Domino games with an application to the complexity of boolean algebras with bounded quantifier alternations
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We consider domino games which describe computations of alternating Turing machines in the same way as dominoes (tiling systems) encode computations of deterministic and nondeterministic Turing machines. The domino games are two person games in the course of which the players build up domino-tilings of a square of prescribed size. Acceptance of an alternating Turing machine corresponds to a winning strategy for one player — the number of moves in the game is the number of alternations of the Turing machine.
For complexity classes ATIME(T(n), A(n)) we find complete sets of domino games. In particular we present domino games which are complete in the classes Σ m p and ∏ m p of the polynomial time hierarchy. This corresponds to the approach of van Emde Boas and Lewis/Papadimitriou who showed that the theory of NP-completeness may also be founded on a finite domino problem instead of the satisfiability problem for propositional formulas.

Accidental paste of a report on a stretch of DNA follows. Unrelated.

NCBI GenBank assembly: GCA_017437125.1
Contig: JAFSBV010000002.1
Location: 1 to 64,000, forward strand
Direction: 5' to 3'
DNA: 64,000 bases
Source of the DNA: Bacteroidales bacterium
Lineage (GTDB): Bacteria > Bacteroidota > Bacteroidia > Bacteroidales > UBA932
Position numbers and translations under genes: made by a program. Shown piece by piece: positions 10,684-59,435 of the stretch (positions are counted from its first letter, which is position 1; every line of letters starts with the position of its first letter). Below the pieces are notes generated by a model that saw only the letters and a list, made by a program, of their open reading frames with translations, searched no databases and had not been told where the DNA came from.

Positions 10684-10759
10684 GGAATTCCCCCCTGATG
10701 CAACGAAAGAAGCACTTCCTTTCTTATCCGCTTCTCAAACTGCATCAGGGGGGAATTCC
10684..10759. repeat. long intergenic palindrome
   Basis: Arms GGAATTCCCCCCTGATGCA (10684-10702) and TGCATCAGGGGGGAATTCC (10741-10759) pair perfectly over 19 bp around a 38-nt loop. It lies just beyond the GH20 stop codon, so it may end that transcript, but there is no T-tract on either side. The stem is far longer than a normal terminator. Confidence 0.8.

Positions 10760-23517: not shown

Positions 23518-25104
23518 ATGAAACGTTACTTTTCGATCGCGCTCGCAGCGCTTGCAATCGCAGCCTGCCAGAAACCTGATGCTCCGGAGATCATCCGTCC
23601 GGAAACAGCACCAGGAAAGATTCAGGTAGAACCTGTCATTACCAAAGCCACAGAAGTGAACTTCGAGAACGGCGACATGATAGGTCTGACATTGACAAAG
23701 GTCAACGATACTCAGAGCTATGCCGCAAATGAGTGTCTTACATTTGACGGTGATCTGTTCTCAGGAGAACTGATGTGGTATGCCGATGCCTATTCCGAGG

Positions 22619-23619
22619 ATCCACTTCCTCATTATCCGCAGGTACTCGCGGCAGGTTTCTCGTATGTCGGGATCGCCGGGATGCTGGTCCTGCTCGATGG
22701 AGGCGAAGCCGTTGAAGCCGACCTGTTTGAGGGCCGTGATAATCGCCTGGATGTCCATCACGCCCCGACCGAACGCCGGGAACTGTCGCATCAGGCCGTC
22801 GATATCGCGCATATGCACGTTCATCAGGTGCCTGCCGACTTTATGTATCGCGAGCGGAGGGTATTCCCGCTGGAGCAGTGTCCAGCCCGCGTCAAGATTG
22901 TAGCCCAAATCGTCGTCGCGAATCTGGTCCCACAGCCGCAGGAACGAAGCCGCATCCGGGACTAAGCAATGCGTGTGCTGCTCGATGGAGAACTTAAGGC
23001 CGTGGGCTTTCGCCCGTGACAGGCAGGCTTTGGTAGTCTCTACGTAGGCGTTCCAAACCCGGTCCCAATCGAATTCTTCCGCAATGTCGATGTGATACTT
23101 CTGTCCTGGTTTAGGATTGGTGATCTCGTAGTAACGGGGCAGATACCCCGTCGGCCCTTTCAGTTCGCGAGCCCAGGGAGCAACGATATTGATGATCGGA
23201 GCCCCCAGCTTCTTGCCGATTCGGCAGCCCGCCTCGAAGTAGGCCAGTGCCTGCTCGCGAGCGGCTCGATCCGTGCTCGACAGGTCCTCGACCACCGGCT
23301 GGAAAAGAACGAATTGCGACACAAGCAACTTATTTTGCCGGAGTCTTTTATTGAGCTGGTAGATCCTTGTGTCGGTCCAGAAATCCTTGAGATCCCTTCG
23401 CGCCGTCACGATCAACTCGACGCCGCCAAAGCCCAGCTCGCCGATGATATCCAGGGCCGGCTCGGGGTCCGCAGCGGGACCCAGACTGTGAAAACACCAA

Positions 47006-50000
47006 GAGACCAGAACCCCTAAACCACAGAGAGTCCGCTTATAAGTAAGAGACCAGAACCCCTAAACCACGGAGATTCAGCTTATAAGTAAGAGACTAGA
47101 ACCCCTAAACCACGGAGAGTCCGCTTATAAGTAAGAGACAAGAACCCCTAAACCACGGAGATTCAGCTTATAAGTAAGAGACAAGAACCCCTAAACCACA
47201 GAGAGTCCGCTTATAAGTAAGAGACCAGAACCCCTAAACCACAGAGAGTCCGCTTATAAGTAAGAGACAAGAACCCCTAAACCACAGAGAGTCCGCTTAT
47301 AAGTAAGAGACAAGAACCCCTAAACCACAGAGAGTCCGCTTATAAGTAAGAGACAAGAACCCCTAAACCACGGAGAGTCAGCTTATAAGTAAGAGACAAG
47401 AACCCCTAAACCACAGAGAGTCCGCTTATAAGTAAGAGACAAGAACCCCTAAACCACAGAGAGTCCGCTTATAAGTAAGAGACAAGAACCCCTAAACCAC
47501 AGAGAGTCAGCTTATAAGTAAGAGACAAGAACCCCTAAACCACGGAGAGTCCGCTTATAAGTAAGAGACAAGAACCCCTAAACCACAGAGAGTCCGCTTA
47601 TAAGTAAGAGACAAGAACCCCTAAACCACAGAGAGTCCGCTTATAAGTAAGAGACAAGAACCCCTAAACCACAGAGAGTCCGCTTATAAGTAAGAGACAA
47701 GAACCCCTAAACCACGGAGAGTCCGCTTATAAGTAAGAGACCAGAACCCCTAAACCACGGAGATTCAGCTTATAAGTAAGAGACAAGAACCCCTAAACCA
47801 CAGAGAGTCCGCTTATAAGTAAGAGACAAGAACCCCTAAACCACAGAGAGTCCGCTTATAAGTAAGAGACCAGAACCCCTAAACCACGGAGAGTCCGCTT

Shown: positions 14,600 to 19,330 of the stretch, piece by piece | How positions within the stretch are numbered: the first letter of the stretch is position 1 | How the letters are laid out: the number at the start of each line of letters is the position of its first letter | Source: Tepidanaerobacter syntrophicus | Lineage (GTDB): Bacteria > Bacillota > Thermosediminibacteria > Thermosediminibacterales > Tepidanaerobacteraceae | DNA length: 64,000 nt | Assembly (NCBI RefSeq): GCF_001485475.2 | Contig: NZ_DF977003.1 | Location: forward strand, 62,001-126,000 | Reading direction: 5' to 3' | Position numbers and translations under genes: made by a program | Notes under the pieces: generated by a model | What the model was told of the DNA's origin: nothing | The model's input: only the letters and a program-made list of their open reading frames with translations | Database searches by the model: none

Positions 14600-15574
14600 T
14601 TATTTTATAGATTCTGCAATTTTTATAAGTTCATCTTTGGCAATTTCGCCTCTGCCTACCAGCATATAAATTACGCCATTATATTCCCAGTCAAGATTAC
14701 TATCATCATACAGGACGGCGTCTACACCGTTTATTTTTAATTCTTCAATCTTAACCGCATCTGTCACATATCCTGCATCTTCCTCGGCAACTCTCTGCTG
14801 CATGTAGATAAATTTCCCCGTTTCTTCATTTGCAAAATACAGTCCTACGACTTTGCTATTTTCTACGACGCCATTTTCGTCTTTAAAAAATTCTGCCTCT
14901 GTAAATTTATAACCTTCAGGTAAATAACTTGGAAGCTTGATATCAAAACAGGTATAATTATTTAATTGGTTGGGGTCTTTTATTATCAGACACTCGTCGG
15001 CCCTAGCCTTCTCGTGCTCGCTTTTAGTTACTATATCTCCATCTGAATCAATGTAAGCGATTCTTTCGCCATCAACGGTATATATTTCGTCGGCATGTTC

Finally domino games are used as a tool to prove that the subclasses with bounded quantifier alternations in the theory of Boolean algebras have essentially the same complexity as the whole theory, in contrast to other decidable first order theories where a restriction of quantifier alternation leads to an exponential decrease of complexity.
KeywordsBoolean Algebra Turing Machine Winning Strategy Satisfiability Problem Quantifier Alternation
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